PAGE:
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IRS Fact Sheet provides details on key ACA provisions affecting employers

Fact Sheet 2014-10, November 2014

IRS has released a Fact Sheet providing details of key provisions of the Affordable Care Act (ACA) for employers; for purposes of many of these provisions, an employer’s workforce size is significant.

Background. The Code provides that, for months beginning after Dec. 31, 2013 (but for postponement, see below), an applicable large employer (ALE) is liable for an annual assessable payment if any full-time employee is certified to the employer as having bought health insurance through a state exchange with respect to which a tax credit or cost-sharing reduction is allowed or paid to the employee, and either the employer:

1. fails to offer to its full-time employees (and their dependents) the opportunity to enroll in minimum essential coverage under an eligible employer-sponsored plan (Code Sec. 4980H(a)); or
2. offers its full-time employees (and their dependents) the opportunity to enroll in minimum essential coverage under an eligible employer-sponsored plan that, for a full-time employee who has been certified as having enrolled in qualified health plan for which an applicable premium tax credit or cost-sharing reduction, either is unaffordable or doesn’t provide minimum value as these terms are defined in Code Sec. 36B(c)(2)(C). (Code Sec. 4980H(b)).

Together, Code Sec. 4980H(a) and Code Sec. 4980H(b) are called “employer shared responsibility” provisions or the “employer mandate.”

The payment under Code Sec. 4980H(a) is equal to the number of all (excluding the first 30) full-time employees multiplied by one-twelfth of $2,000 for each calendar month, while the payment under Code Sec. 480H(b) is equal to the number of full-time employees who are certified to receive an applicable premium tax credit or cost-sharing reduction multiplied by one-twelfth of $3,000 for each calendar month. In no case, however, may the Code Sec. 4980H(b) liability exceed the maximum potential liability under Code Sec. 4980H(a).

A full-time employee for any month is one employed on average at least 30 hours of service per week. An ALE for a calendar year is an employer who employed an average of at least 50 full-time employees on business days during the preceding calendar year. For determining whether an employer is an applicable large employer, full-time equivalent employees are also taken into account. (Code Sec. 4980H(c)(2))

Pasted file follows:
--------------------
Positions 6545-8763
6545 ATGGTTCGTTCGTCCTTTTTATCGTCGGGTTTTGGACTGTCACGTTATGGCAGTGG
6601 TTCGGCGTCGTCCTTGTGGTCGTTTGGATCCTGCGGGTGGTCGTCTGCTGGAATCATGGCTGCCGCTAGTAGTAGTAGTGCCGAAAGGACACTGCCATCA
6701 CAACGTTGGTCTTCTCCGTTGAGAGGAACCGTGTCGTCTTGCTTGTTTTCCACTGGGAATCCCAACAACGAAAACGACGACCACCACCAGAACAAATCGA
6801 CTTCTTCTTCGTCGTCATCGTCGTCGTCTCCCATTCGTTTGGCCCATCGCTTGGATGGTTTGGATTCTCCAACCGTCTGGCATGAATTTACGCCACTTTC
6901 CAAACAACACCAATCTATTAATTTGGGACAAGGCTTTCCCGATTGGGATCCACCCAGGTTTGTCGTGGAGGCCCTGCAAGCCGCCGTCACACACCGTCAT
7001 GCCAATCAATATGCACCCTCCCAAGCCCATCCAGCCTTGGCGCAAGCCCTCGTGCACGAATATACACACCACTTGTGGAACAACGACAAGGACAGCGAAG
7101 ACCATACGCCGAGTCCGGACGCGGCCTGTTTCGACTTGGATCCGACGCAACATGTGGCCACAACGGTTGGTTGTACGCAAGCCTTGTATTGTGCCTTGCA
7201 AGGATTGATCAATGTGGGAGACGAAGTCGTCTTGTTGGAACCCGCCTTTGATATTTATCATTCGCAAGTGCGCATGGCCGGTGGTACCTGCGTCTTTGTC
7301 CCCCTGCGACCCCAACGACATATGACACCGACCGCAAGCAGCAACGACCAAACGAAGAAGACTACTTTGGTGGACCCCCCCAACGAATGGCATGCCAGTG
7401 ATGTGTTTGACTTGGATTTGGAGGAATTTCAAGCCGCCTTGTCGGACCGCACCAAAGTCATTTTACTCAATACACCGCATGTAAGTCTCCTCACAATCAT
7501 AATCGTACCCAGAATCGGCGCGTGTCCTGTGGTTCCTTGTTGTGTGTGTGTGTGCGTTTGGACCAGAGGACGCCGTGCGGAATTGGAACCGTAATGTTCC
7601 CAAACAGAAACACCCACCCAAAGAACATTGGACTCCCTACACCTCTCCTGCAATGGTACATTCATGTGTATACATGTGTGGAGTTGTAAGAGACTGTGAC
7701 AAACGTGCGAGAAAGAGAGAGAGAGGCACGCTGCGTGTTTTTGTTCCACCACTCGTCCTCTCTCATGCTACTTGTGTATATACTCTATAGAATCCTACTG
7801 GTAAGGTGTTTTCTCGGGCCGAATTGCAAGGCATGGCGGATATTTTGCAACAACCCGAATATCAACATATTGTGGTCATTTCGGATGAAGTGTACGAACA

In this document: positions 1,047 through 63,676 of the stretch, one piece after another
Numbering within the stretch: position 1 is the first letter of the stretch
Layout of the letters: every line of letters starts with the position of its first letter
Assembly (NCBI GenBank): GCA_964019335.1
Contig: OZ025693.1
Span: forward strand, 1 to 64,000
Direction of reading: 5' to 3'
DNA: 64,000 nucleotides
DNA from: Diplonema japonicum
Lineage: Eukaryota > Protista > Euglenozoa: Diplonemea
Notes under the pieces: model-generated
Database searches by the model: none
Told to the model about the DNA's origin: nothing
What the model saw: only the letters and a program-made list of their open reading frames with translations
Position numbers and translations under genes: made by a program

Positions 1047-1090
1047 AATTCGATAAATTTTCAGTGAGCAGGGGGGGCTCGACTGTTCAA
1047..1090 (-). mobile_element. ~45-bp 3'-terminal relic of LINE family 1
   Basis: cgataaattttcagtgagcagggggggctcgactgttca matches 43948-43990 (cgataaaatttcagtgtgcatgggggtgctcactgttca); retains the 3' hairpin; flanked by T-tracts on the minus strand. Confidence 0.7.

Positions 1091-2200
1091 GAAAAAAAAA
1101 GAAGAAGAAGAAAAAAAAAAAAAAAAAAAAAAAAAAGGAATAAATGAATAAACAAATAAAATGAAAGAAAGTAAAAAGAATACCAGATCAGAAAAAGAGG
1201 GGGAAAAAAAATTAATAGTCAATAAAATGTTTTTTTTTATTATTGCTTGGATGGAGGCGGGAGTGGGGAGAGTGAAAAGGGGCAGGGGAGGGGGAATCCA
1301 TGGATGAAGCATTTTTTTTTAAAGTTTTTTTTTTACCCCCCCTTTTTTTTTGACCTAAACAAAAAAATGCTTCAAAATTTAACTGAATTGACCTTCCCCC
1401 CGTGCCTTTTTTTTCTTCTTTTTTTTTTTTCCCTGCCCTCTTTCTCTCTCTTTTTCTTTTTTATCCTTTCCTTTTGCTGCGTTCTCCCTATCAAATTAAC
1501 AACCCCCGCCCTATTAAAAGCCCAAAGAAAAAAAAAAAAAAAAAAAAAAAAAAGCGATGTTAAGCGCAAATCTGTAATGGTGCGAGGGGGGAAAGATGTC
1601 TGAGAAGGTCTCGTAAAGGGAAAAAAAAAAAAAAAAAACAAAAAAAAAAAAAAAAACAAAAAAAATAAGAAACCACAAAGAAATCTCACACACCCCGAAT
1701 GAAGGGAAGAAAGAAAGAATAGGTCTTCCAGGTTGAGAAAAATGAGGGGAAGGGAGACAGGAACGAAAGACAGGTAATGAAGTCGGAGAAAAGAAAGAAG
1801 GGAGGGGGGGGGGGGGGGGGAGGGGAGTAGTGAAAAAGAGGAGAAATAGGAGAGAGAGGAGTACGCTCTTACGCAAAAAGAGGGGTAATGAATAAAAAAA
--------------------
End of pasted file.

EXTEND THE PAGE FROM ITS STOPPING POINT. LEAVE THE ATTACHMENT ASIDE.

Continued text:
As enacted, the employer mandate was to apply for months beginning after Dec. 31, 2013, but IRS delayed implementing the employer penalty for all employers until 2015. Subsequently, IRS delayed the applicability of the employer mandate to mid-sized employers (i.e., those with between 50 and 99 full-time employees) until 2016, provided that the employer meets certain requirements. They also provided a “phase-in” rule for large employers (i.e., with 100 or more full-time employees) under which an employer won’t owe a penalty for failing to offer health coverage so long as it offers coverage to at least 70% of its full-time employees in 2015, and 95% in 2016 (see Weekly Alert ¶  4  02/13/2014).

Determining workforce size. The Fact Sheet explains that an employer’s size is determined by the number of its employees. An employer with 50 or more full-time employees or full-time equivalents is considered an ALE under the ACA. For purposes of the employer shared responsibility provisions, the number of employees a business has during the current year determines whether it is an ALE the following year. Employers make this calculation by averaging the number of employees they had throughout the year, which takes into account workforce fluctuations many employers experience.

Employers with fewer than 50 employees. The Fact Sheet notes that more than 95% of employers have fewer than 50 full-time employees or equivalents and are not subject to the employer shared responsibility provisions. Accordingly, calculating the number of employees is especially important for employers that have close to 50 employees or whose workforce fluctuates throughout the year. Further, the Fact Sheet states:

…If an employer has 50 or fewer employees, it can purchase health insurance coverage for its employees through the Small Business Health Options Program (SHOP).
…Employers that have fewer than 25 full-time equivalent employees with average annual wages of less than $50,000 may be eligible for the Code Sec. 45R small business health care tax credit if they cover at least 50% of their full-time employees’ premium costs and generally if the coverage is purchased through the SHOP.
…All employers, regardless of size, that provide self-insured health coverage must file an annual return reporting certain information for individuals they cover. The first returns are due to be filed in 2016 for the year 2015. Reporting in 2015 regarding coverage in the 2014 year is optional.

Employers with 50 or more employees. The Fact Sheets notes that employers that have exactly 50 employees can purchase coverage for their employees through the SHOP. Further, the Fact Sheet states:

…ALEs must file an annual return reporting whether they offered health coverage, and if so, what coverage they offered their full-time employees. The first returns are due to be filed in 2016 for the year 2015. Reporting is optional for 2014.
…ALEs with 100 or more full time or full time equivalent employees are subject to the employer shared responsibility provisions, effective for calendar year 2015, and so may have to make a shared responsibility payment.

References: For the excise tax imposed on large employers not offering affordable health insurance coverage, see FTC 2d/FIN ¶  H-1175  et seq.; United States Tax Reporter ¶  49,80H4  ; TaxDesk ¶  812,301  et seq.; TG ¶  7318  .